A man of my occupation seldom claims a systematic mode of thinking; at worst, he claims to have a system—but even that, in his case, is a borrowing from a milieu, from a social order, or from the pursuit of philosophy at a tender age. Nothing convinces an artist more of the arbitrariness of the means to which he resorts to attain a goal—however permanent it may be—than the creative process itself, the process of composition. Verse really does, in Akhmatova’s words, grow from rubbish; the roots of prose are no more honorable. …

… Art, generally speaking, always comes into being as a result of an action directed outward, sideways, toward the attainment (comprehension) of an object having no immediate relationship to art. It is a means of conveyance, a landscape flashing in a window—rather than the conveyance’s destination. “If you only knew,” said Akhmatova, “what rubbish verse grows from . . .” The farther away the purpose of movement, the more probable the art; and, theoretically, death (anyone’s, and a great poet’s in particular, for what can be more removed from everyday reality than a great poet or great poetry?) turns into a sort of guarantee of art.




The hierarchy between ethics and aesthetics further clarifies his thinking on the relationship between art and life. This applies to all the arts, as the discourse about what art language means also always applies to all:


On the whole, every new aesthetic reality makes man’s ethical reality more precise. For aesthetics is the mother of ethics. The categories of “good” and “bad” are, first and foremost, aesthetic ones, at least etymologically preceding the categories of “good” and “evil.” If in ethics not “all is permitted,” it is precisely because not “all is permitted” in aesthetics, because the number of colors in the spectrum is limited. The tender babe who cries and rejects the stranger who, on the contrary, reaches out to him, does so instinctively, makes an aesthetic choice, not a moral one.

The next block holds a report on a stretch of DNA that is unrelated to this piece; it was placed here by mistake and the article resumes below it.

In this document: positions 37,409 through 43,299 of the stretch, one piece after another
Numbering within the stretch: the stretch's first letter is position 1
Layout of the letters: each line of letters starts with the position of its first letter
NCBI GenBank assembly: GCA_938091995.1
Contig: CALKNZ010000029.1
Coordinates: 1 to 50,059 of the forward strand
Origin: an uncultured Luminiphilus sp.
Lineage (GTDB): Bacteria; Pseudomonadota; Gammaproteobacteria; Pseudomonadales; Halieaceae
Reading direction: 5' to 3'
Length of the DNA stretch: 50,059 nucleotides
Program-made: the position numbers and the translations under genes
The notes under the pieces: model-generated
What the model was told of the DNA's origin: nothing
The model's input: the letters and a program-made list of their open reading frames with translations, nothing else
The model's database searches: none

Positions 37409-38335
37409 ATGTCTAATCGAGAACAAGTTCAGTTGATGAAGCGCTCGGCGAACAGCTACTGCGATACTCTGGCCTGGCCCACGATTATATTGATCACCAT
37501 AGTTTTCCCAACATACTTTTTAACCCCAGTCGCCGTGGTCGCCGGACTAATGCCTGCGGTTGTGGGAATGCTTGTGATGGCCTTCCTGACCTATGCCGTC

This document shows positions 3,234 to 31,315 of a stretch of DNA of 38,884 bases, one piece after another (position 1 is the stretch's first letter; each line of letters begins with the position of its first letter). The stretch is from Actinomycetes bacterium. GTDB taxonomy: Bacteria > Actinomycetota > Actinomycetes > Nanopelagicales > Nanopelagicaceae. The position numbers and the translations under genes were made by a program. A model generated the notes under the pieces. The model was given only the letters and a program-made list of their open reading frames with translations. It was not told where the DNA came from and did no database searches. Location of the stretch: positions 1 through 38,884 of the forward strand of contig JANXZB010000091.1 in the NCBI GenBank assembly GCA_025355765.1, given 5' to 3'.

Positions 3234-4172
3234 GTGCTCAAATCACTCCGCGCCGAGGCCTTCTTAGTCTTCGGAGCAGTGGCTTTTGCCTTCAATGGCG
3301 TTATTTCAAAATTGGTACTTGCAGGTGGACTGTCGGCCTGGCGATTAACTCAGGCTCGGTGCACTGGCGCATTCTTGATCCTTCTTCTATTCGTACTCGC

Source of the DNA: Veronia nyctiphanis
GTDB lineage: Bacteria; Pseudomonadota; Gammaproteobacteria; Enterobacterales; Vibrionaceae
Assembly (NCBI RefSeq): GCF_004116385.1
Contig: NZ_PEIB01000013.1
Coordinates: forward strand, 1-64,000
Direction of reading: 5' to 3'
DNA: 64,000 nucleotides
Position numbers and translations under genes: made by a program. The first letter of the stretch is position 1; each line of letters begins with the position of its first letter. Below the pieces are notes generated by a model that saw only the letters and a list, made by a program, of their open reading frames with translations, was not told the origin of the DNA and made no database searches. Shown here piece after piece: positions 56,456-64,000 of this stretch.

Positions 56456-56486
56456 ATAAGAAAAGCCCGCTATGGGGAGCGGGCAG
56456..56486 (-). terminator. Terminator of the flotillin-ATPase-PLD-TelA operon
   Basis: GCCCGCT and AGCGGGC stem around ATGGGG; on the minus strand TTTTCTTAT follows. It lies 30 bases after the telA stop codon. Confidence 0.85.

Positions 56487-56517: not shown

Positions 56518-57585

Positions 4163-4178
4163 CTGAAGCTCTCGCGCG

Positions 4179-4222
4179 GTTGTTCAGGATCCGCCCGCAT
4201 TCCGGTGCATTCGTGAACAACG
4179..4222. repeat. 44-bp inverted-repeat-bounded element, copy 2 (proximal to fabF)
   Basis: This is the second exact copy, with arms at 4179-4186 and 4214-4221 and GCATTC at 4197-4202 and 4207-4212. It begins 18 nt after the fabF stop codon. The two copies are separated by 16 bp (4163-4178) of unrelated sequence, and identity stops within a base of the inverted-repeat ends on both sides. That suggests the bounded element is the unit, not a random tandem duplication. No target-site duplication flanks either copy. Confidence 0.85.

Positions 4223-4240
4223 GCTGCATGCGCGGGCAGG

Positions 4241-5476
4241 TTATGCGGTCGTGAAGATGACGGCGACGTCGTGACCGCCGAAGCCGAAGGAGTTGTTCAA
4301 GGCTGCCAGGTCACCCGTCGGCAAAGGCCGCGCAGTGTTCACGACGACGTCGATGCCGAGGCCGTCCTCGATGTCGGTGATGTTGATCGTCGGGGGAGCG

Unlike life, a work of art never gets taken for granted: it is always viewed against its precursors and predecessors. The ghosts of the great are especially visible in poetry, since their words are less mutable than the concepts they represent.


In such an absence, art grows humble. For all our cerebral progress, we are still greatly subject to relapse into the Romantic (and, hence, Realistic as well) notion that “art imitates life.” If art does anything of this kind, it undertakes to reflect those few elements of existence which transcend “life,” extend it beyond its terminal point—an undertaking which is frequently mistaken for art’s or the artist’s own groping for immortality. In other words, art “imitates” death rather than life; i.e., it imitates that realm of which life supplies no notion: realizing its own brevity, art tries to domesticate the longest possible version of time. After all, what distinguishes art from life is the ability of the former to produce a higher degree of lyricism than is possible within any human interplay. Hence poetry’s affinity with–if not the very invention of—the notion of afterlife.